I also felt, too often, that Laskin’s personal voice and politics weaseled their way into the text, making it difficult to believe the characters.

But I think the thing that was most upsetting to me was that it was clear in the writing that she was not actually from the region. She did a lot of research, that was evident. But you could tell she didn’t really know. It was in little things. It was in Ronit only knowing one Israeli singer, and it being the one who sings in English. In was in Ronit living in Ma’ale Adumim and saying it’s in the West Bank (regardless of whether it is or not, no one who lives there would say that). It was in Jamil quoting classic Muslim poets but no contemporary ones. At a time when so much emphasis is put on diversity in publishing, on authors of colour writing characters of colour, it felt out of place to have an outsider write something that requires an insider’s understanding.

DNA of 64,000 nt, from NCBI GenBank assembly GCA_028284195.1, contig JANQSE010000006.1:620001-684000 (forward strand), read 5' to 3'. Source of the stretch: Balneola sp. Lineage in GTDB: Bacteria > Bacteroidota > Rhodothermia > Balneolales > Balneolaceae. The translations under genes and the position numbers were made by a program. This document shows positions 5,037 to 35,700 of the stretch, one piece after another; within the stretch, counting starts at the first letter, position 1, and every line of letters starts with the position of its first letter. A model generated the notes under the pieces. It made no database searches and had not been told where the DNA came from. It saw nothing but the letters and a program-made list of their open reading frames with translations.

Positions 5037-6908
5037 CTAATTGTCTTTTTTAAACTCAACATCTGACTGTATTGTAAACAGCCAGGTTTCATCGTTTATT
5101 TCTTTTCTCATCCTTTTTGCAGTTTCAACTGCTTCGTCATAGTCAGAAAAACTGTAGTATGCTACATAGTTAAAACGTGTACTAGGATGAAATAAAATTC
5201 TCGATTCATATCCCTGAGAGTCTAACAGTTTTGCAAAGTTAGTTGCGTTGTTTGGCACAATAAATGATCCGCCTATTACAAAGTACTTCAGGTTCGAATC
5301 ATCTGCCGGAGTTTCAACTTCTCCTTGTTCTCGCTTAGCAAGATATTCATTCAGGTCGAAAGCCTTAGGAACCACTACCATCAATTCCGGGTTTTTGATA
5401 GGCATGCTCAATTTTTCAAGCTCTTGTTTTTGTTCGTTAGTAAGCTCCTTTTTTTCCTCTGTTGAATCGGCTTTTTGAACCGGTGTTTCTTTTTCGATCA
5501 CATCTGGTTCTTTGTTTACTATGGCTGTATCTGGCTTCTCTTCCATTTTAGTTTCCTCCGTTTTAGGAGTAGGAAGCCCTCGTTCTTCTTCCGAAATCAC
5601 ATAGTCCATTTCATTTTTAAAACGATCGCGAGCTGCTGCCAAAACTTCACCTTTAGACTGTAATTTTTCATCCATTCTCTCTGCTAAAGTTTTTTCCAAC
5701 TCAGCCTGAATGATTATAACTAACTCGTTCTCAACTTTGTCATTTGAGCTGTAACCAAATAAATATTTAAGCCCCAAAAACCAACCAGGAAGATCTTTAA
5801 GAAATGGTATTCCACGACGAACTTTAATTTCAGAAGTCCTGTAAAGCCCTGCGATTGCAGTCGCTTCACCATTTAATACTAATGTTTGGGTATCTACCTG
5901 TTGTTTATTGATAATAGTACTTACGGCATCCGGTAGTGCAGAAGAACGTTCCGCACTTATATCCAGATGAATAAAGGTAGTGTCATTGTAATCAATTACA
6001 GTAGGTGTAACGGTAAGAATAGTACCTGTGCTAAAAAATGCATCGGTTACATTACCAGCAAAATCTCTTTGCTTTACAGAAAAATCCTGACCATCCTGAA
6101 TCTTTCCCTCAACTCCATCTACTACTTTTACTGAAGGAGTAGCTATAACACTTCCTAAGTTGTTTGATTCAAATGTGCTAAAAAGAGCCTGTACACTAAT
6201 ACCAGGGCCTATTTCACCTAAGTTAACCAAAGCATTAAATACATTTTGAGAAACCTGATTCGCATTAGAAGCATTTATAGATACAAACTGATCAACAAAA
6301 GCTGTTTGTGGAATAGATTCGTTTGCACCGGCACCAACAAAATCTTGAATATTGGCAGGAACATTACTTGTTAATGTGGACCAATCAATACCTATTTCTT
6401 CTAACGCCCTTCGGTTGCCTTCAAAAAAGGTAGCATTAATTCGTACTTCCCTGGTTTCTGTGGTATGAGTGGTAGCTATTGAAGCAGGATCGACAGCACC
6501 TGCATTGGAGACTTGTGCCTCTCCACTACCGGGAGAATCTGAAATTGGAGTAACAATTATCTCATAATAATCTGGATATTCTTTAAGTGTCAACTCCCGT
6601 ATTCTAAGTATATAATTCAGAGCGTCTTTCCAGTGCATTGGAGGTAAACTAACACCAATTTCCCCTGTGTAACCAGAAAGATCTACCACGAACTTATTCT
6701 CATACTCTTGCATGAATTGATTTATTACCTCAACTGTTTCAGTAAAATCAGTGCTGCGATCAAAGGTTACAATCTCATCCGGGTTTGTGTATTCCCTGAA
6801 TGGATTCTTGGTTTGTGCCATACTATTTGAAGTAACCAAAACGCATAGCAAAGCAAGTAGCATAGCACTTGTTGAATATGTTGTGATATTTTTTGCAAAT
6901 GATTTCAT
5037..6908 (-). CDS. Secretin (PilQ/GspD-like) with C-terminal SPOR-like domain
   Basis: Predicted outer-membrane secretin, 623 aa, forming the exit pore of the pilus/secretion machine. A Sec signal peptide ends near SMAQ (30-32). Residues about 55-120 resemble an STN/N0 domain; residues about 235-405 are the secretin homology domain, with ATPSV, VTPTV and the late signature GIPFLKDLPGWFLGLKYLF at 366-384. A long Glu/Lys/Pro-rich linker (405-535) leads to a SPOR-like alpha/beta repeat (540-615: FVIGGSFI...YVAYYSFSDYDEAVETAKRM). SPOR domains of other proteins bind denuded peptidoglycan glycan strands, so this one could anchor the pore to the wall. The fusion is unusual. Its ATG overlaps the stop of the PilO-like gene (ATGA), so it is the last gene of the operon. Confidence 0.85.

I felt that Laskin skimmed the surface of a subject that deserved much more. Her book left me starving for more and I am eager to find it. We need more stories like these, stories that acknowledge the difficult reality we live in but recognize the glimmer of hope. But we need these stories to dig deep, to go the extra mile and represent the issues, we can’t just slap flowery language on the ugly bits and call it a day.

So no, I didn’t love Ronit & Jamil. But (!!) I urge you to read this book. You can do it in an hour (though that is another issue I have with it). Read it with an open mind and then please tell me what you think. And if you feel so moved, do me a favour and write your own version on our Write It blog because we need more stories about this and things like it.